Ill be Your Puppet If Youll Ride Shotgun
New Orleans has its own force of gravity -- it's stronger and more targeted than the scientific law governing the rest of nature. At feeding time, the city attracts those it sees fit like a giant magnet and swallows others entirely, allowing them the privilege to experiment deep in the city's fertile, musical belly. Call it voodoo if you like, but the act known as Quintron and Miss Pussycat might correct you, referring to it simply as love.
It has been about a decade since Quintron, a musician, was pulled in. He was in New Orleans to play a gig at the Pussycat Cavern, a venue that was helmed by a promising young puppeteer named Miss Pussycat. "That's how we met," says Quintron. "I moved there right after my tour ended."
The duo plays off of one another's strengths: Quintron riles up crowds into feverish dance frenzies, while Miss Pussycat enchants them with elaborate puppet plots brought to life. Quintron pounds the keyboards of his organ and Fender Rhodes, which are, by the way, impregnated into the chassis of a Lincoln Town Car Limousine. Miss Pussycat, meanwhile, chirps cheerleaderish back-ups while jumping and fluttering about the stage, pumping a set of maracas. When it's time for a fairy tale, Quintron lends a hand (or two) and his voice to Miss Pussycat's puppet kingdom, so that the stuffed fellows might experience their Maximum Puppet Potential.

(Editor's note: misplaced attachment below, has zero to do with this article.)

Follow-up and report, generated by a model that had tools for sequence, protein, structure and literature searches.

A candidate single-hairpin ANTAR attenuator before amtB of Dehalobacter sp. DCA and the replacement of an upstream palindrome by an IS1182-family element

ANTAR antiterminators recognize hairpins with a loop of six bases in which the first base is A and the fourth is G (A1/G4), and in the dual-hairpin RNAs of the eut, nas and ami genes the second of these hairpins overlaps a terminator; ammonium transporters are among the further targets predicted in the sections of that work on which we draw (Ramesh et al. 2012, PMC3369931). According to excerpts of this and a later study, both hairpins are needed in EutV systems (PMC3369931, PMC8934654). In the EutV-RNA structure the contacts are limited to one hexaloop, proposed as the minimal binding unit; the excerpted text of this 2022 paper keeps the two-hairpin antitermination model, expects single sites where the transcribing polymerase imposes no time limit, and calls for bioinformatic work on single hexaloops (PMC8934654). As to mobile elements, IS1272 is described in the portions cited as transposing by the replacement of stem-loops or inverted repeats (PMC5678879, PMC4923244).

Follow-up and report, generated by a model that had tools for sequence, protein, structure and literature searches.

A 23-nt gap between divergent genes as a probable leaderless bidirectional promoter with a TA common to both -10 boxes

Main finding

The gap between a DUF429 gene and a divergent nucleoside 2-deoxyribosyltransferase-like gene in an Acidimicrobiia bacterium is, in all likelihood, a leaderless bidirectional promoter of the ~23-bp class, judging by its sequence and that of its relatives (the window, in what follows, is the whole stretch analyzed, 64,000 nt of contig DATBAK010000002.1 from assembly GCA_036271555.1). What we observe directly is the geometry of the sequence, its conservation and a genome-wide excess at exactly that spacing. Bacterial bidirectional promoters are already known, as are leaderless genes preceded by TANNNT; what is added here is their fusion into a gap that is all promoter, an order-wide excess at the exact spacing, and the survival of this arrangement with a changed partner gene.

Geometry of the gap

Quintron and Miss Pussycat shows provide more than just an alternative to the apathetic club scene, they're intriguing, positively darling, and they're where you'll hear the most booty-shaking big tent revival music ever to seep from the swamp. What exactly is it that they're reviving? "I think we're trying to raise up something that there's not even a word for, and that's why it's so much fun," says Miss Pussycat. Fall in love with their beautiful experiment tonight at Churchill's Pub (5501 NE Second Ave., Miami); They have lab assistants in the Electric Bunnies, and Mr. Entertainment and the Pookiesmackers. Doors are at 9 p.m., and tickets cost $10. Buy them at ticketweb.com.
Sat., Nov. 29, 9 p.m., 2008
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